After a strong start to 2018, emerging markets have faced a procession of headwinds, with the ensuing crises only set to worsen with the latest wave of currency sell-offs.
Yesterday, the FTSE emerging index of the developing world’s largest companies saw its largest slump in three weeks, a dip of 1.6%, continuing the downward trend for a sixth consecutive day to its lowest level in over a year.
Indonesia’s rupiah was trading down close to its lowest level since the 1998 Asian financial crisis, with its Jakarta Composite down 3.8% in its largest one day slump since November 2016. Additionally, the South African rand was down by over a percent and India’s rupee hit a record low of 71.78 to the dollar, causing its central bank to intervene. However, the major slumps have been seen in Turkey and Argentina who are both in crisis, with the worst yet to come.
Capital Economics analyst Oliver Jones, said, “We think there is more to come. We doubt the main factors which have caused equities across much of the emerging world to weaken together recently will go away just yet.”
Charles Robertson, Renaissance Capital’s chief economist, said, “At the moment, emerging markets are under pressure most days and all it needs is another bad headline out of one country or another and the whole asset class gets a bit of a hit.”
With commodities slowing down, investors are shifting away from more risky emerging market investments and are buying the US dollar with increasing enthusiasm. This is normally a tell-tale sign of economic slow-down, but in the short-term poses a problem to developing countries, as the dollar climbs for a fifth day and the Federal Reserve increases interest rates, it becomes harder for developing countries to pay off their dollar-denominated debts.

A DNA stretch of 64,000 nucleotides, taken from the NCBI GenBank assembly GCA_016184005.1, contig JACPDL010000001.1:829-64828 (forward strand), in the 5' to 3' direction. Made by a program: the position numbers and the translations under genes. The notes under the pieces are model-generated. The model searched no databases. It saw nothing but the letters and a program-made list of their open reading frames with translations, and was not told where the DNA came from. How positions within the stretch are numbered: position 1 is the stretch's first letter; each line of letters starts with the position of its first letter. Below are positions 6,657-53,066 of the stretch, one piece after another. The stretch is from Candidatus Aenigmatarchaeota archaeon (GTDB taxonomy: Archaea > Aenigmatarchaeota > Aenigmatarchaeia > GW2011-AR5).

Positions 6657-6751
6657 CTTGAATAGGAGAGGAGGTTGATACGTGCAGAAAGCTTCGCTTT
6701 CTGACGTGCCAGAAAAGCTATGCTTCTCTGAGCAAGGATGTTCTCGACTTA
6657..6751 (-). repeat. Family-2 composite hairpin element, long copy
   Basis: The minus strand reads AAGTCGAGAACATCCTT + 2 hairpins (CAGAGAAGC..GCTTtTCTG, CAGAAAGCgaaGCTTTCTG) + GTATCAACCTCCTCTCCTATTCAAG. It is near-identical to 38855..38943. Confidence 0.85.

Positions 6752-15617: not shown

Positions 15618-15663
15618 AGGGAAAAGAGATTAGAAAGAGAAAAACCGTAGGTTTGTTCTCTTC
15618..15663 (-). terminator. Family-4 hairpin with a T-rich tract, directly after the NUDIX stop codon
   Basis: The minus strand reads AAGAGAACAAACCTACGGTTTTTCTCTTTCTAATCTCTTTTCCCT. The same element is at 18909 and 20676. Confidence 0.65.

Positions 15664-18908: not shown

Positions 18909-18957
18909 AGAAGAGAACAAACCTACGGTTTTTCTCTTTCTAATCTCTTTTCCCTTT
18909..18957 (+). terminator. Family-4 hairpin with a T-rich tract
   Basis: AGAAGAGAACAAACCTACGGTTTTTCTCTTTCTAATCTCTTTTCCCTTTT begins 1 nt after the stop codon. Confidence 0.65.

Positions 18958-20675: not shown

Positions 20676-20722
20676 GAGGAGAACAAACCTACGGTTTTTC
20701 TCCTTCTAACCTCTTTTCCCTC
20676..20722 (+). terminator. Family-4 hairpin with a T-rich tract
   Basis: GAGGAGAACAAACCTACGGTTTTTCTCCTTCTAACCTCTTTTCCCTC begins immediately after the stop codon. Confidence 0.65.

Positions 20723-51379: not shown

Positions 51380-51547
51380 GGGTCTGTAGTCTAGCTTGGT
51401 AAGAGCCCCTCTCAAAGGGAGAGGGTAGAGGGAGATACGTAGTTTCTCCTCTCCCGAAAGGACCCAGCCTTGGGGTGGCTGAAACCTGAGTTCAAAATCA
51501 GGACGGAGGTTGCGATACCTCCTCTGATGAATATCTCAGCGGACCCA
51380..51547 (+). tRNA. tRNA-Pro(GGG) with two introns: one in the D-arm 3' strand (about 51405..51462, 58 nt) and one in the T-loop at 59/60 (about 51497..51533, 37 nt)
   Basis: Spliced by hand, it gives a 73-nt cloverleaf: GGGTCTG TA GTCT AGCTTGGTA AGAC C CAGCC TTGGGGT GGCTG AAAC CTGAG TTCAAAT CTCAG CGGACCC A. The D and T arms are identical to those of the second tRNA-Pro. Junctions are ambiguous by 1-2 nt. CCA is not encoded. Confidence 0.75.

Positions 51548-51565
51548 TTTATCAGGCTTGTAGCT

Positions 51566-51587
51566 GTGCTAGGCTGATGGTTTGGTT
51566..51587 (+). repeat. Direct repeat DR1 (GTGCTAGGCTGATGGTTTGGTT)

Christophe Barraud, an economist at Market Securities, said, “People are looking closely at what’s happening in emerging markets, at the trade war and the fact that the United States is likely to implement another wave of tariffs against China. If you look at global growth, more and more signs are that it will slow in coming months.”
Not only are people edging towards lower-risk investments, they are moving away from the developing world asset class, as seen with the FTSE emerging index having dropped 20% since January.
In addition to these ongoing trends, immediate causes of developing world slow-down include the ongoing crisis in Argentina. The country is currently negotiating terms for a $50 billion loan from the IMF, to help its ailing economy. This has caused the country’s currency, the peso, to fall 53% against the dollar so far this year.
Similarly in Turkey, the country are in the midst of a financial crisis as inflation soars and its account deficit grows, both of which have caused the lira to dive by 40%.
While the risk of slow-down in developing countries is increasing, it is not thought that widespread stagnation in growth will occur. Following the latest updates on emerging market dips, fear spread to Europe with the FTSE closing down 1% and the DAX down 1.4%, though it is thought no macroeconomic dips will occur unless either China or the US economies slow down.